In the mid 1950s we moved to Jefferson, Texas where he ran an ice plant and by my freshman year, we could be found in Ganado, Texas. Daddy worked for an oilfield service company as a mechanic. By midterm of my sophomore year we had left Ganado, went to Dayton and Liberty, Texas and finally back to North Caddo Parish where he worked for a tractor dealership and Mother owned a small café in Belcher. Mother had a new red and white Ford Falcon and Daddy drove one of those God awful green Studebaker cars that looked the same coming or going! After I married they returned to South Texas where he worked in Pearland, Humble and finally retired in Conroe, Texas. I think Daddy’s vagabond ways began as a child when his father followed the job regardless of where it took them.

My daddy was a superstitious man. He didn’t like gardenias because they reminded him of cemeteries. He wouldn’t have a cedar tree on the place because if they grew large enough to shade a grave you would die. He wouldn’t start a job on Friday that he couldn’t finish on Friday.

It was bad luck to sweep after dark or under someone’s feet. If we left home and something was left behind (mostly Mother’s purse) he would not go back for it. Bad luck!!

But the one superstition he branded me with was that of the black cat. Of course that one has been around for ages, but his obsession involved seeing one crossing the road in front of you. We either had to turn around, find another route so as not to cross the cat’s tracks or roll down your window and spit to wash out the tracks! Many years after his death I had my sophisticated Uptown New Orleans grandchildren in the car with me and a black cat crossed the road in front of us. My mouth began to salivate! Then I screamed, “Roll down your window and SPIT!” Of course they thought I had totally lost my mind, but soon realized when I pulled over and would not move until everyone in the car had hacked up enough saliva to wash out the cat’s tracks, that they had better SPIT! And for you information, I still do it today.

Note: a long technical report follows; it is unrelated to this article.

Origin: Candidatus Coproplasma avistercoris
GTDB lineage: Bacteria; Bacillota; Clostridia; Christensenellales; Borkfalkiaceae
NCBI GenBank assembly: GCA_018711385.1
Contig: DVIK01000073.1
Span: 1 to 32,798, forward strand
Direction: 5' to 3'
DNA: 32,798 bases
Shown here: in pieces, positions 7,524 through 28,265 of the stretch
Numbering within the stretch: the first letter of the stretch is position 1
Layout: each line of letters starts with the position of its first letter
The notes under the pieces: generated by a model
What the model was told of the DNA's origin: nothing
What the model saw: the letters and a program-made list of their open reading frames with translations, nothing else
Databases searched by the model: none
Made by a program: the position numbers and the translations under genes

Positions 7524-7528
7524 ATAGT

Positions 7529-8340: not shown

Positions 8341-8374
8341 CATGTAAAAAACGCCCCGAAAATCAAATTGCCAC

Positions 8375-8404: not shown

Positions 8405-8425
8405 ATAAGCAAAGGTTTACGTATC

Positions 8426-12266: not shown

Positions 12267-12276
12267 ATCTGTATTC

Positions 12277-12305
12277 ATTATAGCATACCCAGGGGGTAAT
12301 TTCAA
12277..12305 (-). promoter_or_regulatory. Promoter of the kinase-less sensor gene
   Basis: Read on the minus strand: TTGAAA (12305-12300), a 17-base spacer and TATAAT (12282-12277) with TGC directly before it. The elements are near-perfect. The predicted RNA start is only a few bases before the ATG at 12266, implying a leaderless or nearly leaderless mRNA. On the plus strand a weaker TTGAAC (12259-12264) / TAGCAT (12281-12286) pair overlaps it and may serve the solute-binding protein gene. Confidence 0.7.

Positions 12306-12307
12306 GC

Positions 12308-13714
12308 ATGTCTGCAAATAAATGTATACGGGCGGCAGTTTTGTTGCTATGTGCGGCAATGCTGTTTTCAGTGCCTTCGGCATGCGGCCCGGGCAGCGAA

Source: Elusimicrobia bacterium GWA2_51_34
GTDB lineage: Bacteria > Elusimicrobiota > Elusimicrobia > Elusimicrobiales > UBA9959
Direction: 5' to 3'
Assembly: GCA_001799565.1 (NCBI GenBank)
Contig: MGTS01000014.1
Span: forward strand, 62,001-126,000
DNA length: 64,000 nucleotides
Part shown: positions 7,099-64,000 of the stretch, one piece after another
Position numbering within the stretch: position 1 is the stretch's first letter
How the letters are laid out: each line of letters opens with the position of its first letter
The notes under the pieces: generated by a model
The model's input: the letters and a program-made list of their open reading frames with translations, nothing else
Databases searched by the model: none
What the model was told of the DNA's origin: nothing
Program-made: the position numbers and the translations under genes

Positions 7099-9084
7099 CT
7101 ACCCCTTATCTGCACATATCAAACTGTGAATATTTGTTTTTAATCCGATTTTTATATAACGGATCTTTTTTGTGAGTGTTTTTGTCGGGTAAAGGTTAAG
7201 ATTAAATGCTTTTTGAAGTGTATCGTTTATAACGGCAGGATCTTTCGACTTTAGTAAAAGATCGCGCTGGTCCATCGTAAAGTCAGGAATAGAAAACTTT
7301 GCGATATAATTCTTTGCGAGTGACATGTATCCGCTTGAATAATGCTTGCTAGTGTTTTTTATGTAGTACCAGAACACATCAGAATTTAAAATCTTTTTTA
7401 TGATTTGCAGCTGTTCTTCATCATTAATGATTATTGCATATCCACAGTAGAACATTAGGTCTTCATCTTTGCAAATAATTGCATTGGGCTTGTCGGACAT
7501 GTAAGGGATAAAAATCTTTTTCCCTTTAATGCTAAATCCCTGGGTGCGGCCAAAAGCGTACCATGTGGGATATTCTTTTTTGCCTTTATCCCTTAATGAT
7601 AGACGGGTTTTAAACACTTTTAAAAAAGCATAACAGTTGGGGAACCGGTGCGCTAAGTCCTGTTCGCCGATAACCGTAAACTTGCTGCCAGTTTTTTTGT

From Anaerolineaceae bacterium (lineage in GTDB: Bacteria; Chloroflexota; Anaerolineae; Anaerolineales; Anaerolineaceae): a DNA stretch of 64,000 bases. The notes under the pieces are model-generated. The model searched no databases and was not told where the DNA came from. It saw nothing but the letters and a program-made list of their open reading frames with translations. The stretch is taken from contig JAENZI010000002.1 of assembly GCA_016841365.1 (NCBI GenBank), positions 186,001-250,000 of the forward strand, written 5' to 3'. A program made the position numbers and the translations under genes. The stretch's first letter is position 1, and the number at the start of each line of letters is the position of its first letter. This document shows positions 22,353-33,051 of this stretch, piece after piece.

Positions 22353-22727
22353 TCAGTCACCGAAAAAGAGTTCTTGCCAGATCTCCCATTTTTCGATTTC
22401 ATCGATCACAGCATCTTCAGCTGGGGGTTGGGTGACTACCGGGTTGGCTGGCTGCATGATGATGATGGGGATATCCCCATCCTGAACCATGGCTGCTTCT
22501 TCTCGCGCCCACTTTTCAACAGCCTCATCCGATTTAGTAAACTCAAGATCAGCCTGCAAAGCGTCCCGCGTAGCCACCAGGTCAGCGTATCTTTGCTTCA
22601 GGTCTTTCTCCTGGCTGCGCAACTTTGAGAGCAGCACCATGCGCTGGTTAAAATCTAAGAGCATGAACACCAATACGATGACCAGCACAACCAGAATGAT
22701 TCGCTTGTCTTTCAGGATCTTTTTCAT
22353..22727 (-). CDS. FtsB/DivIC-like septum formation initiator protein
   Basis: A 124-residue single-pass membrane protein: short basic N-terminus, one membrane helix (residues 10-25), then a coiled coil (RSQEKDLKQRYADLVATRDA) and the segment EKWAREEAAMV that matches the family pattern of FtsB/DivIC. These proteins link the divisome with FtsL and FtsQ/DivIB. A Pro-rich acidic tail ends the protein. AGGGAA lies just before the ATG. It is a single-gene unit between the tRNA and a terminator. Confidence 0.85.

Daddy and I had a special relationship and he taught me much, such as one wrench from another, how to read a road map and much more. We loved to watch baseball games on TV together, sometimes rooting for the same team, sometimes not, but our cheers (or rants) were always as loud as if we were in the stands. When I was in my teens I made the comment that I wish we could see a Major League game in person. At that time it seemed only an impossible dream however it did come to pass when my brother Jim took the family to see the Astros play at the Astro Dome in Houston. I looked at him and said, “Did you ever think we’d do this in person?” only to be interrupted with wild cheering from the “Clyde Section”.

My dad was an intelligent man and a hard worker. He believed you gave a full day’s work for a full day’s pay. He was honest and never lied and stressed honesty at all costs. Perhaps I get my outspoken ways from him for in his words, “Say what you mean and mean what you say” or my favorite Clyde-ism, “Keep two things clean that are uniquely yours; your word and your name.”